In week 3-4, I found a sense of achievement being built little by little. After going through the offering circulars and BOTE methods learnings, we shifted to the next step, cash flow model, data table, and Monte Carlo simulation. The cash flow model was based on a lot of assumptions with many formulas to input in excel. There were tons of variables to make and most of them were inter-correlated. Learning the functions was quick, while the hardest part would be debugging—one error in a previous variable would result in a mess in latter variables. It actually took longer to debug than to create the whole cash flow model. But the bright side is, lesson learned! Better to debug on the way than to do so at the end. After the cash flow model, I learned to create data table, which is immensely useful in having an overview of all possibilities. I really enjoy putting all these excel skills together and see how it can arrive at a more complete sense and serve its purpose. At the end of this stage, there was the Monte Carlo simulation that we had to create in excel using VBA (Visual Basic Application). Although it was a new programming language, I was able to quickly learn and adjust my knowledge in C++ and R (thanks to the classes taken) to write the codes. I truly appreciate this opportunity to actually learn and apply these precious skills, and I hope to continue learning and sharping related skills to become more capable of analysis-related tasks.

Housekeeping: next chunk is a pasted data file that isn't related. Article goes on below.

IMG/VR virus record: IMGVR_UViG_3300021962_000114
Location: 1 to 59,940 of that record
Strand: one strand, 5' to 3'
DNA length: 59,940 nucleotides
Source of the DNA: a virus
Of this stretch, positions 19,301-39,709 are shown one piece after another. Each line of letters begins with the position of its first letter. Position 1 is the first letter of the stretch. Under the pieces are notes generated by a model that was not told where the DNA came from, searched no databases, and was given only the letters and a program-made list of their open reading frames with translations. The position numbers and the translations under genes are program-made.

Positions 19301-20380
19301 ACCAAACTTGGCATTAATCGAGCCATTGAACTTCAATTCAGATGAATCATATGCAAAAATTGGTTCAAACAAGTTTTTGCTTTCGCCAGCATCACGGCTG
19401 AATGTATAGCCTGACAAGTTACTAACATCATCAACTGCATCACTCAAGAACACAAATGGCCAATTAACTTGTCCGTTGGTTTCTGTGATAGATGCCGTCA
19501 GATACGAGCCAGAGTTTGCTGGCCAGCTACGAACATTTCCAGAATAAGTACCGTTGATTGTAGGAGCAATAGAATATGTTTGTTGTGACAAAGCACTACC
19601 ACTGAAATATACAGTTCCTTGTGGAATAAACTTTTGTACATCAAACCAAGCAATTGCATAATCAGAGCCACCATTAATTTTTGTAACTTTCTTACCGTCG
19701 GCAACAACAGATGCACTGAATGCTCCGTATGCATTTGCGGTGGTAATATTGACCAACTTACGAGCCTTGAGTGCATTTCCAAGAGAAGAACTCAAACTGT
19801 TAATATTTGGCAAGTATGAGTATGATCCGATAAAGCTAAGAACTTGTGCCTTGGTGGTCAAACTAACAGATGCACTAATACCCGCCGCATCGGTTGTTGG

Originally, I think that being an international student is a disadvantage in job search in the United States. After joining the company, I was delighted to see that most full-time employees and other interns are Chinese because the company’s primary market target is China. One of the founder of the company has been a professor in Hong Kong, and she could speak fluent Chinese and Cantonese. This experience has helped me gain more confidence in job seeker and to view my strengths critically.